View the documentLeast-cost comparison (financial basis)
View the documentCase studies: productive loads and load growth
View the documentConclusions
View the documentReferences
View the documentDistributors of World Bank Publications
View the documentRecent World Bank technical papers

Other technical considerations

7.26 Spare Parts. Fuses, light bulbs and other spare parts that need to be replaced frequently should be available locally from a dealer accessible to users. The minimum quantity of spares that should be stocked depends on the number of systems in the area and the location of distributors. Table 7-1 lists the recommended minimum number of spare parts for a local cooperative in Indonesia that serves 20~2,000 consumers.

Table 7-1. Suggested Spare Parts List for a Cooperative in Indonesia

Item

Recommended Quantity of Locally Stocked Spares

Photovoltaic Module

1 per 250 systems

Charge Regulator

10 per 250 systems

Battery

250 per 250 systems spread out over the 2nd and 3d year after installation

Wire, Connectors, Tape

50m wire and 50 connectors (varies with village ability to purchase additional appliances)

Lamp Ballast

25 per 250 systems

7.27 Battery Recycling. High priority should be given to battery recycling in order to minimize environmental contamination and safeguard users. Recycling is most effective in organized programs led by an ESCO or an intermediary. Current battery-recycling programs in the four country solar home system programs reviewed show mixed results. As part of the Solar Energy Program in the Philippines, NEA-GTZ introduced a successful battery-recycling scheme that allowed users to exchange old batteries (for which the manufacturer paid $4.00) through the rural electric cooperative. In West Java, Indonesia, old batteries are collected from each house and recycled by independent operators, who pay householders $2.50 per battery. (However, battery recycling is rare in other parts of Indonesia, where batteries are used less widely and transporting them is difficult.) In Sri Lanka, batteries can be taken to a dealer or a recharging center for recycling, but many users consider the recycling payment, which was about $1.00, too low to warrant returning the old batteries. To increase the volume of battery recycling, the payment was recently doubled. While there is no comprehensive battery-recycling program in the Dominican Republic, it is estimated that about 50 percent of the batteries are recycled.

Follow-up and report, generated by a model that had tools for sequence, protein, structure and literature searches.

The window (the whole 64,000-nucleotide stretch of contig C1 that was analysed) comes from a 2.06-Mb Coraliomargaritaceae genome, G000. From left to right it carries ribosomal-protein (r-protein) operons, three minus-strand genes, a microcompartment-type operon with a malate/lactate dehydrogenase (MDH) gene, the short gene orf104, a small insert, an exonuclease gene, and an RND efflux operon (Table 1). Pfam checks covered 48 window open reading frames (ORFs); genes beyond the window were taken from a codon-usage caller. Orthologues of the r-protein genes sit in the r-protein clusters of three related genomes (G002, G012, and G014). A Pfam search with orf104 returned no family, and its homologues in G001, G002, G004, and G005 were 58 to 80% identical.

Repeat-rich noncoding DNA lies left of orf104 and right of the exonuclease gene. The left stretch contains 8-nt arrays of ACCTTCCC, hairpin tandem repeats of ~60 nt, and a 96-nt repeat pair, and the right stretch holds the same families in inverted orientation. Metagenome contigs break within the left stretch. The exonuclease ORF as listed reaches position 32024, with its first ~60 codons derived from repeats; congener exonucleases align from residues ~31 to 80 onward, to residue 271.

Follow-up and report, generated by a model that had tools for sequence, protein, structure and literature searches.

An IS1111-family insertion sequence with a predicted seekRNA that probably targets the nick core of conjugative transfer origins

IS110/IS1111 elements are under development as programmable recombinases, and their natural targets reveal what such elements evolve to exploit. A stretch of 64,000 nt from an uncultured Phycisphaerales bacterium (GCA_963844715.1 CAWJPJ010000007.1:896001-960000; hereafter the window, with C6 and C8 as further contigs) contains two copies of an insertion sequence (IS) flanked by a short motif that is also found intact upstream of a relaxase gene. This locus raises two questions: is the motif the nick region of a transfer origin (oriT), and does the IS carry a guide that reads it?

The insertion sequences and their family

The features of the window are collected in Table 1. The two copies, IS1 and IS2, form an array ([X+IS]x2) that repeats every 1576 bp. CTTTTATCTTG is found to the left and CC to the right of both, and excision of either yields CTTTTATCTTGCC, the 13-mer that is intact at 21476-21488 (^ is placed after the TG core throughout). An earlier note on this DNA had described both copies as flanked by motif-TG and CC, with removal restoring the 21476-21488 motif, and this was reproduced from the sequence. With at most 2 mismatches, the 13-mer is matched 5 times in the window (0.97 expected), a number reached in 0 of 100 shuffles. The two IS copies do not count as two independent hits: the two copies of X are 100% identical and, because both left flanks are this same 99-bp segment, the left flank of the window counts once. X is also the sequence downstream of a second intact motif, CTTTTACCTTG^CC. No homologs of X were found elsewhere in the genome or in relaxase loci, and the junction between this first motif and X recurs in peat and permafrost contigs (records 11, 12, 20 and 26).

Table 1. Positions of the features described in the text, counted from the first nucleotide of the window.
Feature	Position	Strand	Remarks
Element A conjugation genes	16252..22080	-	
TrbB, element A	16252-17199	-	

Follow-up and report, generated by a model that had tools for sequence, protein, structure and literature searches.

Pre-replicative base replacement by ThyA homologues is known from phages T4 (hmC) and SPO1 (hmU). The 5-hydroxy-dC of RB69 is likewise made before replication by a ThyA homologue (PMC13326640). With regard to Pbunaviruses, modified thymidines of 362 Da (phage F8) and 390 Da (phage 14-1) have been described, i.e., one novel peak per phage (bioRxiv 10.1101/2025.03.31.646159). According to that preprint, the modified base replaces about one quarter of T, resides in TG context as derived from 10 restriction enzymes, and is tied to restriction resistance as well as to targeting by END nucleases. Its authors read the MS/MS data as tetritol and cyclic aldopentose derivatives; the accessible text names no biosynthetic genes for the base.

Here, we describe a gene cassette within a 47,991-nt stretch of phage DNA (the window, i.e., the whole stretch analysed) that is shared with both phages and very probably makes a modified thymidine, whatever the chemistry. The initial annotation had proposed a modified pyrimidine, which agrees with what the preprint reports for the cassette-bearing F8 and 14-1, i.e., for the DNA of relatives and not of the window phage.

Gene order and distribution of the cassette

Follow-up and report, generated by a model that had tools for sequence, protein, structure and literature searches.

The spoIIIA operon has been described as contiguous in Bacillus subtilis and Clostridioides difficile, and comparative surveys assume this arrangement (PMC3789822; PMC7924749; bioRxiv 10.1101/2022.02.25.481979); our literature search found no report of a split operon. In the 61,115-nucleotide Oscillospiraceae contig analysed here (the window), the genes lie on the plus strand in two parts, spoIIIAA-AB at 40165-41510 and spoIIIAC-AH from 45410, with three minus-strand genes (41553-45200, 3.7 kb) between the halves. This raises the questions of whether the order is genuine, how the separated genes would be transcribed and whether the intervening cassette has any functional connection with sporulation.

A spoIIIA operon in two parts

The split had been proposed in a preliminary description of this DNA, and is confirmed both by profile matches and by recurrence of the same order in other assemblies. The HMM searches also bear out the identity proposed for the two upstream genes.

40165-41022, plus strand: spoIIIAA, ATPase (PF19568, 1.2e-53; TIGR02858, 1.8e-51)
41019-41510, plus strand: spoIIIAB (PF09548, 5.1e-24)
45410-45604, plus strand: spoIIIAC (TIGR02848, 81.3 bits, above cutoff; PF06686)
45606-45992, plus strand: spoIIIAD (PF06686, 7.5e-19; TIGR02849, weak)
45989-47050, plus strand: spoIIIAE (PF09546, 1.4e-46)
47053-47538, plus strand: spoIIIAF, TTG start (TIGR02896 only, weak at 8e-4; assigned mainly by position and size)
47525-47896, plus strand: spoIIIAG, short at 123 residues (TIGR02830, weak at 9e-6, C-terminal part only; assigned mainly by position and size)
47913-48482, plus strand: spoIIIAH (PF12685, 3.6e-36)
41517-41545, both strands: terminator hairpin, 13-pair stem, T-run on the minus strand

7.28 Warranties. The four country case studies show that ten-year performance warranties for modules are commonly available from many suppliers and should be required in a solar home system program. Warranties for controllers and other electronic components may range from three months to three years and those for batteries from one year (for automotive batteries) to three years (for deep-cycle batteries). Overall system warranties are also offered for up to one year. However, realistic provisions for enforcing warranties must be in place in order to protect consumers.